So, the portrait, respectively the novel, is to be considered in terms of a “palimpsest in which several figures and several meanings are merged and entangled together, all present together at all times, and which can only be deciphered together, in their inextricable totality”. (Genette 1982, 226)
The last issue, which deserves a short remark here, concerns the relationship between plagiarism and the palimpsest. As I have shown in the introduction, the Plagiarist is regarded as a copyist, whose work is based on the assumption of other works. By regarding the Reader, the Author and the Text as palimpsestuous spaces, inhabited by others’ thoughts, words and selves, I claim that plagiarism should not be regarded as a condemnable exception. It rather epitomizes the rule. Moreover, since Lacan asserts that the voices of others are speaking through the self, even one’s intimate thoughts become quotations. So, everyone is a plagiarist.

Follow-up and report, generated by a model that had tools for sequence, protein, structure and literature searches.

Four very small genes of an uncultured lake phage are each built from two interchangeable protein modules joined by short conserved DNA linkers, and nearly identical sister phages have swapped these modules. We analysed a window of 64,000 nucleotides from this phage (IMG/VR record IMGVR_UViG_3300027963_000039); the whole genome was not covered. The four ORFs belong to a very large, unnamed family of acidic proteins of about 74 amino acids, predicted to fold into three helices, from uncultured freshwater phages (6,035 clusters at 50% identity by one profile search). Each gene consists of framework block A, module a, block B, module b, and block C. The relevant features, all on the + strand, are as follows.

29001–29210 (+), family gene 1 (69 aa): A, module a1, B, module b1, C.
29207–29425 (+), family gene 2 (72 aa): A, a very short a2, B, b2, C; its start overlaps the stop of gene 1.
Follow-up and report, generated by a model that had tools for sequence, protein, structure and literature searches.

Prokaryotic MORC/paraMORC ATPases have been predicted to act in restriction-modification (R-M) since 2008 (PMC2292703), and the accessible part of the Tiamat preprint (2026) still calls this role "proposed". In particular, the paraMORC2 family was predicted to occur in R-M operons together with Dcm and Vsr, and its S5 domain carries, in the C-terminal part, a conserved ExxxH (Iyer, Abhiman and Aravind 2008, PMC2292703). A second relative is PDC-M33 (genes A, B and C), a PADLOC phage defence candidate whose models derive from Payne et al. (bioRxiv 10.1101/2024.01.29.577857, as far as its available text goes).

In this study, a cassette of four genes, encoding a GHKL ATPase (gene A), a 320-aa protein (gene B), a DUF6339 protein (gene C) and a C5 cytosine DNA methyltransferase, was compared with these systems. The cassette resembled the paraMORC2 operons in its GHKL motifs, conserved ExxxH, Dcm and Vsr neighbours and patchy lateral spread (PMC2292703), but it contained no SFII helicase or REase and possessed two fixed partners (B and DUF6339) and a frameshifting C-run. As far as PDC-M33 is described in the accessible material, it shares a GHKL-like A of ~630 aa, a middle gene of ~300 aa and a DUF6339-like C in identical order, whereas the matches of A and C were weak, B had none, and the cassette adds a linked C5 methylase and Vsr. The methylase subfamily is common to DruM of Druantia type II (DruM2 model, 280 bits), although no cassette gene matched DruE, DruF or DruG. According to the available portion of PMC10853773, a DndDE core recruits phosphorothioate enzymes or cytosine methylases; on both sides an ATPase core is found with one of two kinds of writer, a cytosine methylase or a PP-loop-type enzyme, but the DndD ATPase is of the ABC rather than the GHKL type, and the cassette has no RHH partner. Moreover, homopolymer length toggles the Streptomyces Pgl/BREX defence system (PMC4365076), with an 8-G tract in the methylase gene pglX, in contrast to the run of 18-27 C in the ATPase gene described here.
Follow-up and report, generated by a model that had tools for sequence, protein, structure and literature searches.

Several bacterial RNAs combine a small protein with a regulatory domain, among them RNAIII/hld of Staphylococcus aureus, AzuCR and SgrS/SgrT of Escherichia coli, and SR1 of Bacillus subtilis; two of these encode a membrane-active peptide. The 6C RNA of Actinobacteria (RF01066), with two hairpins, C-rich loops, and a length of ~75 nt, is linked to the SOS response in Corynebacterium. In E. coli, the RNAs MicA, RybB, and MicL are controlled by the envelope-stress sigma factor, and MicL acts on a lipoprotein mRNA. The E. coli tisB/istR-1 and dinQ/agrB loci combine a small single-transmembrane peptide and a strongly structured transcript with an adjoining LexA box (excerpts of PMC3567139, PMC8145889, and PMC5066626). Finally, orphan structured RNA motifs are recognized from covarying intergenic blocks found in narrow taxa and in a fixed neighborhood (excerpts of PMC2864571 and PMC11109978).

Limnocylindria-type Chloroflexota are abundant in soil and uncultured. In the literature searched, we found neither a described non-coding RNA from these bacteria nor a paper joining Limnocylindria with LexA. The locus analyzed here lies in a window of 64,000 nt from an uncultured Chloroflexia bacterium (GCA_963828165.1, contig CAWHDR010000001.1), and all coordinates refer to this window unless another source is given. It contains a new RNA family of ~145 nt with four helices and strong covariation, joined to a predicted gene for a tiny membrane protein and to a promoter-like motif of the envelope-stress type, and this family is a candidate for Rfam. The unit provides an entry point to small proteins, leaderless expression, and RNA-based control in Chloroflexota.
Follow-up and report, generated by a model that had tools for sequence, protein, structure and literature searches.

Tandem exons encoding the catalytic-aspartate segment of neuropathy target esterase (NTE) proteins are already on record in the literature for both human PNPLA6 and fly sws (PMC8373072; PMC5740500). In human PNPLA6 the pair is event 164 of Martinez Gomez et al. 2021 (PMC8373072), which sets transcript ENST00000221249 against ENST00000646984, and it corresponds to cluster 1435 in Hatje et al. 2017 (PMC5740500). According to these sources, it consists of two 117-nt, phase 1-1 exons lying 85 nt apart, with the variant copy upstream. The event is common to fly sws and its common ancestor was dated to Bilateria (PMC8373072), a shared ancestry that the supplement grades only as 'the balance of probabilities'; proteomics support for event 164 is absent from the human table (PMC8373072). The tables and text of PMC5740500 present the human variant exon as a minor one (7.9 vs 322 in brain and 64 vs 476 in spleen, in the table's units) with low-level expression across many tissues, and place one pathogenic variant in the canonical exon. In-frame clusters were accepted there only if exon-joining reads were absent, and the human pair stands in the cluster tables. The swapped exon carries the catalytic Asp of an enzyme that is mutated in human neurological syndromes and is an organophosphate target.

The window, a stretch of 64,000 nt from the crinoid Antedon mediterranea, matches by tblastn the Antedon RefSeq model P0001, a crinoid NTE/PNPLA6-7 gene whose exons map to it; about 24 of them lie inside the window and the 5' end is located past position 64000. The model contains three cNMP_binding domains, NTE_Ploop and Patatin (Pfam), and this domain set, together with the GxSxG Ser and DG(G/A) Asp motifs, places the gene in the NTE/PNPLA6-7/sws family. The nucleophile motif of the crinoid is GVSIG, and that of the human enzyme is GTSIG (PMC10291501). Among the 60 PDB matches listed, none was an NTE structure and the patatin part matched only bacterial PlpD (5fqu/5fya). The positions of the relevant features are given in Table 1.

Ackroyd’s novel is replete with examples of doubling. However, for the purposes of this short paper, I will limit my discussion to the following figures: Chatterton, Meredith, Wychwood, the hydrocephalus boy and the posture master. I regard doubling as a complex process in which, due to imitation or mirroring, the self gains an identity. Thus, the function of the double in this process is to supplement the self. To supplement something means not only to add something to it, but to complete it. Therefore, if a thing needs a supplement, there must already be absence in it. In Of Grammatology Derrida claims that: “Irgendwo kann etwas nicht von selbst voll werden, sondern kann sich nur vervollständigen, wenn es durch Zeichen und Vollmacht erfüllt wird. Das Zeichen ist immer das Supplement der Sache selbst.“ (Derrida 1983, 250) In the same manner, I argue that there is lack in the self and it needs the double to become complete.